Banks have to be SME-led to be successful in India: DBS

Mumbai: DBS Bank India said India is very important for the lender, from the City-State, both from the capability creation and also for business expansion standpoints.

“We are convinced that for any bank to be successful in long term in this country, it cannot be in the creamy layer. You have to go deeper into the market and it means that you have to be small and medium enterprise-led and you must have retail foot print and presence,” said, DBS group chief executive, Piyush Gupta.

“Unlike other banks who want to stick to the top-end of the market, we want to go deep,” he added.

His comments came after the Singapore-based lender announced that it is looking to treble its balance sheet size over the next five years from about Rs 50,000 crore currently and will be setting up around 100 customer touch-points over the next 12-18 months.

Last week, the Reserve Bank had approved the Singaporean lender’s proposal to become a wholly-owned subsidiary (WoS) and Monday it announced the official launch of its locally-incorporated unit – DBS Bank India. The lender is the largest foreign bank to become a fully-owned local subsidiary.

“In the short-run, which is over the next five years, we want to grow our balance sheet three times. We crossed Rs 50,000 crore in 2018 and we think over the next five years, we can triple that,” chief executive of DBS Bank India, Surojit Shome told reporters.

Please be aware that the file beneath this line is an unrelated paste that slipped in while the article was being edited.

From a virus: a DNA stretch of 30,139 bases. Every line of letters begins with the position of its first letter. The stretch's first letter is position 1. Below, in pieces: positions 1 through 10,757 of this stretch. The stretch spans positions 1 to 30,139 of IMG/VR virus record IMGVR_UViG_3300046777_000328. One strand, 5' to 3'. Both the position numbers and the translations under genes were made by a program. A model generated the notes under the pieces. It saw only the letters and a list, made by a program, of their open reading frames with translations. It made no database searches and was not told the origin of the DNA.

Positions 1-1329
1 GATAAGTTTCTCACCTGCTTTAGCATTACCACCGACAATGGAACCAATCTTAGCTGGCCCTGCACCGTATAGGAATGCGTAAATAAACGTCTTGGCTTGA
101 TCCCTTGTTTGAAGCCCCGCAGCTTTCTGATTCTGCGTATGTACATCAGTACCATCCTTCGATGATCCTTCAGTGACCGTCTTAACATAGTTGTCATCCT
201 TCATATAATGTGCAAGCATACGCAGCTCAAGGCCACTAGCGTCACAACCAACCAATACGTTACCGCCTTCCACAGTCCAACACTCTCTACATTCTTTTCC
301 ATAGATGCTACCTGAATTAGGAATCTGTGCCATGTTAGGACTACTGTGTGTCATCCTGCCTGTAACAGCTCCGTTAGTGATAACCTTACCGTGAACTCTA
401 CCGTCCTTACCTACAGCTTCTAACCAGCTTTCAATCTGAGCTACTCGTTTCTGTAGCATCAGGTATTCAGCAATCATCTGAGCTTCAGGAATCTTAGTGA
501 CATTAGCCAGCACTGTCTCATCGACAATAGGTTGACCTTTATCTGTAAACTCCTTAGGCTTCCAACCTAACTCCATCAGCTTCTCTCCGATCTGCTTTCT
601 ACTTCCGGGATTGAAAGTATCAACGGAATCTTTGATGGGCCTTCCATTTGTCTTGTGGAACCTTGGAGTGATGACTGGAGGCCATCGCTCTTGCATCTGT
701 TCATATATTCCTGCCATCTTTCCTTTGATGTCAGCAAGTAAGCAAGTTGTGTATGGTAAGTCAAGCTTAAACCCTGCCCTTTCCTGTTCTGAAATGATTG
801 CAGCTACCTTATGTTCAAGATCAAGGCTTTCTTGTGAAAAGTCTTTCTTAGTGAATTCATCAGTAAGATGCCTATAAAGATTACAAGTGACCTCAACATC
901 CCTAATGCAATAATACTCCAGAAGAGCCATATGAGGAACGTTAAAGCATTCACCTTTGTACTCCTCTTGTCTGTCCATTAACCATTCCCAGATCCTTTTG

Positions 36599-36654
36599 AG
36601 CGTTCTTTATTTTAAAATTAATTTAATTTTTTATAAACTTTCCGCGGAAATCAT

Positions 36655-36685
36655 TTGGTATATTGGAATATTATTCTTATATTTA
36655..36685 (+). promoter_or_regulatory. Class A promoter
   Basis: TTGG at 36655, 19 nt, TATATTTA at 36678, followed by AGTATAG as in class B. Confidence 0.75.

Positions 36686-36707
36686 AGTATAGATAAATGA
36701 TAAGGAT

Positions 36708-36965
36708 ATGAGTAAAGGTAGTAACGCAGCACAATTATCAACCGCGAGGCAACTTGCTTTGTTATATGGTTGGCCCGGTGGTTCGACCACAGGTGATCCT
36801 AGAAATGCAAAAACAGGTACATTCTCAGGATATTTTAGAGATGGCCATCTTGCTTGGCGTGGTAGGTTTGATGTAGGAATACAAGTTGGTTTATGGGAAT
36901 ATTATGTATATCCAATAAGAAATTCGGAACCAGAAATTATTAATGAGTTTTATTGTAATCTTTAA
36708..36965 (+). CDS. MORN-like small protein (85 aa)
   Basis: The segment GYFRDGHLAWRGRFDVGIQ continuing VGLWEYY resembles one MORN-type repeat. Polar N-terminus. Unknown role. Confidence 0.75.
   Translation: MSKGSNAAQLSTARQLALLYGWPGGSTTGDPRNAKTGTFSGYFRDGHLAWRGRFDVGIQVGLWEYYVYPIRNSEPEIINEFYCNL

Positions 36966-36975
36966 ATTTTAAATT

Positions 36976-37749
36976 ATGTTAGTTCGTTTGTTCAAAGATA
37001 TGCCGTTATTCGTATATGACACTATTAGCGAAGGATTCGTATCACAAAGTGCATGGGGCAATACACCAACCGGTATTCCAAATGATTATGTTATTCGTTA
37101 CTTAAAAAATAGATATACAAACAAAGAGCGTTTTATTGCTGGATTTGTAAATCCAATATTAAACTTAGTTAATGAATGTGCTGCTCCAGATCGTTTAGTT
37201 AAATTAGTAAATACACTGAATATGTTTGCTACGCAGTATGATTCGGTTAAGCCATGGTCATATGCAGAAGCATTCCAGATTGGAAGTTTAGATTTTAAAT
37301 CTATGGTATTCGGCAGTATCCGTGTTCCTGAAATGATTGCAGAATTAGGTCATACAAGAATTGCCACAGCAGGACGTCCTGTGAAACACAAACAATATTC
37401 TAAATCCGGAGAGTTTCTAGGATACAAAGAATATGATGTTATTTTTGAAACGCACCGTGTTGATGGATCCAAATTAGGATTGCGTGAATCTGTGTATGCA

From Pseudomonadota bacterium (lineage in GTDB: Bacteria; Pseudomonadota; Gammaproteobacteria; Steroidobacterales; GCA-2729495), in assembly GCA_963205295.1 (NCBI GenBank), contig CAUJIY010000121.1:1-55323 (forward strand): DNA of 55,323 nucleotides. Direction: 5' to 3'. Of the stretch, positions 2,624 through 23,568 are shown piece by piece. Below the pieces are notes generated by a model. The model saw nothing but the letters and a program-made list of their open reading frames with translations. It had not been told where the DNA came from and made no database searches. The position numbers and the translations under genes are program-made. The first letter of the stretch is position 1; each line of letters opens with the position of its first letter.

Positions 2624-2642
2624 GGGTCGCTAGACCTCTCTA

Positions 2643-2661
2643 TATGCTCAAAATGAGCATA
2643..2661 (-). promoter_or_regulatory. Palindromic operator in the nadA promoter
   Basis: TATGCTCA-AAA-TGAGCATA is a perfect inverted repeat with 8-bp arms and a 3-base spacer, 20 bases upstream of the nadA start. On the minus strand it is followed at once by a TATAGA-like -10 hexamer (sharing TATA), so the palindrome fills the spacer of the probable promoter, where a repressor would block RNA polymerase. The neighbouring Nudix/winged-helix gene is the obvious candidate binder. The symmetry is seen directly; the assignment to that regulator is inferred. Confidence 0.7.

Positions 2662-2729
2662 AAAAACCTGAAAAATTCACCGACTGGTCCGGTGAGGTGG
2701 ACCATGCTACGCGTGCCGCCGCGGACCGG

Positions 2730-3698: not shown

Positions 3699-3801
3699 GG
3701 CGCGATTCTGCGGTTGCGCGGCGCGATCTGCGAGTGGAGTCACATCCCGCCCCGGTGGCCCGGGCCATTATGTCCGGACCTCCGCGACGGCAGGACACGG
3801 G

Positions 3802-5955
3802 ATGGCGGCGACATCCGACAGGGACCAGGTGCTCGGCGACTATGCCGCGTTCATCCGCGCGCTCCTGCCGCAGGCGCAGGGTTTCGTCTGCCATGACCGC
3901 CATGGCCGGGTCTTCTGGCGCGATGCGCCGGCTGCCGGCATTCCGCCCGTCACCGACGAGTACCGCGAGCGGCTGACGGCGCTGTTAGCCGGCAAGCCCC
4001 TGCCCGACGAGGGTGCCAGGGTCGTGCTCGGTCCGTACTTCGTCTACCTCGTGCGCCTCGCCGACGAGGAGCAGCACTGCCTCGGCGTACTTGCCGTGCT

The lender’s deposit base stood at Rs 30,000 crore of which the low-cost Casa stood at around 18 per cent and Shome said the plan is to take Casa ratio to over 25 per cent over the next few years.

“Our aim is to get the share of our retail business both on the liability and asset sides to about 30 percent of our revenue and profitability,” Shome said.

DBS, which operates in 12 cities – Chennai, Delhi, Mumbai, Bengaluru, Kolkata, Pune and Nashik, among others, plans to establish over 100 customer touch points, a combination of branches and kiosks, across 25 cities in the next 12-18 months at an investment of Rs 125-150 crore.

This month, it will open nine new branches in Hyderabad, Ahmedabad, Coimbatore, Vadodara, Indore and Ludhiana.

Since the 2008 global financial crisis, the RBI has been insisting that those of them who want to grow faster should become wholly owned subsidiaries and that it will not allow any new branch licences.

It had also made it mandatory for those foreign banks with over 20 branches – only three now-StanChart, HSBC and Citi-will have to convert themselves to WoS if they want to open new branches. DBS is the second foreign lender to operate through the WoS model in the country after State Bank of Mauritius.